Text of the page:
Interview: Dr. Rick Hodes of ‘Making the Crooked Straight’

Posted on April 13, 2010 at 3:59 pm


Dr. Rick Hodes is an Orthodox Jew who has devoted his life to “tikkun olam,” “healing the world. His motto is the Talmud’s statement that “He who saves one life, it is considered as if he saved an entire world.” Dr. Hodes has spent most of his professional life working with the poor and sick in Ethiopia, treating hundreds of patients and taking seventeen children into his own home to raise them as his family. His salary is paid by the American Joint Jewish Distribution Committee, and he raises the money for his patients. A new 30-minute documentary about the doctor, his work, and the children will be shown on HBO. The director is Susan Cohen Rockefeller.

I spoke to Dr. Hodes by phone as he was preparing to fly back to the US from Ethiopia.

How did you come to Ethiopia?

I came first in 1984 because of the famine. I came as a relief worker. I was a resident at Johns Hopkins and I took five or six weeks off and worked in the famine camps. For a while I was the only doctor for several thousand starving people.

What surprised you about Ethiopia?

The depth of the culture, the depth of the ancient Christianity, how people in Ethiopia really know who they are. They don’t think of themselves as black. They don’t think of themselves as African. They really think of themselves as Ethiopian. Even their Christianity is very much involved with their Ethiopian identity. If you go to a Christian ceremony, it will be very Ethiopian as well, with the colors and flags. Ethiopians know who they are. They really like their culture. They have their own religion, their own food, their own system. If they’re not in Ethiopia and find someone else from Ethiopia, they feel very close to them, especially if they are from the same region.

I have heard that in Ethiopia everyone carries the children around, that everyone takes care of the children as though they belong to the whole community.

They carry the children on their backs, there’s a lot of physical contact, child abuse is much less here. The rate of psychological problems from lack of care seems to be lower.

As an outsider, was it difficult for you to gain their trust?

Once you start doing good things, they start coming to you. They will ask if I can help them, teach them, do something with them. And learning the language.

What led you to take over responsibility for the children?

Bewoket had run away from home because he was dying. And he ended up in the university hospital. They discharged him to a Catholic mission. I was volunteering there. He was very attached to me. And he was in such difficult shape it was actually easier to have him in my house, where I could care for him. Once I took in one, I met another one, and so on. I try to say that this is finished, but it’s not finished.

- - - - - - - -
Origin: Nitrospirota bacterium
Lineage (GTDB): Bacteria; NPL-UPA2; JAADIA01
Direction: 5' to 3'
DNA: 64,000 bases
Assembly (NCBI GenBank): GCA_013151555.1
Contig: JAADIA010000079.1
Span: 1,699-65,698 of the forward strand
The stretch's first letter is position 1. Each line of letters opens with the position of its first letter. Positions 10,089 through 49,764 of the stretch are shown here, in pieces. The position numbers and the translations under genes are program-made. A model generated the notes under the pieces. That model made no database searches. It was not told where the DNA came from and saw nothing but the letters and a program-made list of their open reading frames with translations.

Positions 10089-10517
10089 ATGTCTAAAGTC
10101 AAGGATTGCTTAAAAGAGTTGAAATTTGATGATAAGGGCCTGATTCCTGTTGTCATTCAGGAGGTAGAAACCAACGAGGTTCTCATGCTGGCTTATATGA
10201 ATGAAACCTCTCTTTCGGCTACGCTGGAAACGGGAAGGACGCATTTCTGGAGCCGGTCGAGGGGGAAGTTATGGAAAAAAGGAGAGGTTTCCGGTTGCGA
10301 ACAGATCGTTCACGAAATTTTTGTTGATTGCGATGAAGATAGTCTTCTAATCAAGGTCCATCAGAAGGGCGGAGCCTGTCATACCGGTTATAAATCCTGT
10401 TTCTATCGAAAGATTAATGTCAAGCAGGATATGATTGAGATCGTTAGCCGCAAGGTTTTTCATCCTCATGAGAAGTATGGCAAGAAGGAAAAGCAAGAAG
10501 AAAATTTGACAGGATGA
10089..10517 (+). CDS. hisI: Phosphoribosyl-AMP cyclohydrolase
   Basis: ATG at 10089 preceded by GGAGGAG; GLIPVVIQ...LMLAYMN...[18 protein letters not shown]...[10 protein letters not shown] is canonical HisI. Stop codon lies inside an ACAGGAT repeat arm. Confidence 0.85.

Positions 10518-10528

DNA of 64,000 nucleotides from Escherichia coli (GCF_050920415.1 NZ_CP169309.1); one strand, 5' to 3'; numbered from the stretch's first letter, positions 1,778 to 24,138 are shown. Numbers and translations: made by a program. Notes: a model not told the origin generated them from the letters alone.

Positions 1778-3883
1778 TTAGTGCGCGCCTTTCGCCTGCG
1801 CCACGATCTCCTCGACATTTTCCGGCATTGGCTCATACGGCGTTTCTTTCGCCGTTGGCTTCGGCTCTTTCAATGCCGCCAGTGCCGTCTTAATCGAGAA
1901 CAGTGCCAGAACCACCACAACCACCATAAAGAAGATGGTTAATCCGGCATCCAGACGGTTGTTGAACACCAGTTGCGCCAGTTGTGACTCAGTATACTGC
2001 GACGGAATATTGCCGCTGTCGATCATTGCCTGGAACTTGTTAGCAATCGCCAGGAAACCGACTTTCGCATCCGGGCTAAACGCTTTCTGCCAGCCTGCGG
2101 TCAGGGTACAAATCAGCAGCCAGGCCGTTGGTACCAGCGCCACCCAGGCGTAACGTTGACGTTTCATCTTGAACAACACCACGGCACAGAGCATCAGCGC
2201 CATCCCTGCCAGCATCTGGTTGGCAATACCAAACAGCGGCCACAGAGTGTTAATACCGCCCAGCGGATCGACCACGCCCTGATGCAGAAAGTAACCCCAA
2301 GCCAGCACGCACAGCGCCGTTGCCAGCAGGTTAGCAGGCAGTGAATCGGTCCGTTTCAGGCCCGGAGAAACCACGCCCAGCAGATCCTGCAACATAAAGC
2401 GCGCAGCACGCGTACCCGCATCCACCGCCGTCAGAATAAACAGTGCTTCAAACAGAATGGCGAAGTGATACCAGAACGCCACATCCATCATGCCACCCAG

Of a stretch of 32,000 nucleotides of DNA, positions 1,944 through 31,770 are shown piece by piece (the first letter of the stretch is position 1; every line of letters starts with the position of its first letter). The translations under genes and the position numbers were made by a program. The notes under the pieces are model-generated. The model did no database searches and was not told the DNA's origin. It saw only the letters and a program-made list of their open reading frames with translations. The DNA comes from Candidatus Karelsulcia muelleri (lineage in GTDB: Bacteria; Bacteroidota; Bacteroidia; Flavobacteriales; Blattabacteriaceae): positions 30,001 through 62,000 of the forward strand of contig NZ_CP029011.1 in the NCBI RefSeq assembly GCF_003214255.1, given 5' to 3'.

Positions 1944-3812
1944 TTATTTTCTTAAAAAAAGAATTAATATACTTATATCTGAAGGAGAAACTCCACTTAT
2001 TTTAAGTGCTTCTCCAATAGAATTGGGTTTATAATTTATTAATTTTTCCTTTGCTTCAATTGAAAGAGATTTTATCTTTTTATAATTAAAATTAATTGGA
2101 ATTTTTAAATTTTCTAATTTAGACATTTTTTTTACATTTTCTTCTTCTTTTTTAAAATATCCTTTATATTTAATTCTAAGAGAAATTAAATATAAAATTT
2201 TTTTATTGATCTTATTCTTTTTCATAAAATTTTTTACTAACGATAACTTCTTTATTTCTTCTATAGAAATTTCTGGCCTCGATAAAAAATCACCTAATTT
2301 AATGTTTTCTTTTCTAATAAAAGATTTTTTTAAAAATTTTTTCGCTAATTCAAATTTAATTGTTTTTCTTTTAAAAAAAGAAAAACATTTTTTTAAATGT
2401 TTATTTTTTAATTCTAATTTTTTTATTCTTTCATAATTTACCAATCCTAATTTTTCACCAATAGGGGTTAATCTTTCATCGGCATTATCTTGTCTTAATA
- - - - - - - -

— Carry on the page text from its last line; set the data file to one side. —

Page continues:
Do the kids get along with each other?

Any two people under the same roof will not always agree, but they do well.

What do you do for fun?

They play board games. The healthier ones play soccer. The less healthy ones play Monopoly and card games. It’s funny, three years ago they had not seen a car or a white person and now what gets them most excited is buying a hotel on Boardwalk.

Do they want to become doctors?

A lot of them do. One boy was dying in Gojam and his dad sold two goats to get him $30 to come to the big city. They came to Addis Abeba,, and they spent 20 cents a night to sleep on the floor of the hotel with 20 people. They had no money for the bus so they had to walk six or seven miles to get to me. I reached into my pocket and gave him $10 and I said, “Here, every time you come I will give you more, so spend this. Eat two or three meals a day, sleep in a bed, take the bus, take care of yourself.” And that is when he started getting better.

And now this boy, who had been in a remote school studying to be an Orthodox priest is in eighth grade, speaks fluent English, and wants to be a doctor. When he came to America he told his life story at a fund-raiser and we raised $1 million. There’s another girl who was an orphan, living in a medical college because she had nowhere else to go. I ended up bringing her to Addis Abeba, treating her TB, sending her for surgery, and now she is in 6th grade and wants to be a doctor. When I first met her she said she wanted to be a housemaid because then she would have a place to live and cook. Now she’s living in my house, she speaks English. For $10-12 thousand we’ve completely transformed her life.

What do Americans need to know about Ethiopia?

The depth of the culture and the niceness of the people. It is a poor country, but it is a proud country with a deep culture, a history, definitely not uncivilized.

How does your Jewish faith inspire and sustain you?

I really enjoy being Jewish. I pray three times a day and keep the Sabbath to the extent that a doctor with patients can do that. We just had a big Passover seder. It is an important part of my life, the daily schedule, the weekly schedule, the monthly schedule. It becomes all-encompassing. But one of the nice things about being in Ethiopia is that I feel very welcome here. I respect other religions. Most of the kids are Orthodox Catholic, Protestant, or Muslim.

What I’m personally trying to do is making the world a better place for a few people, helping as many people as I can in that sense. I’m sending 16 kids in May to Ghana for surgery. That’s the greatest thing in the world for me.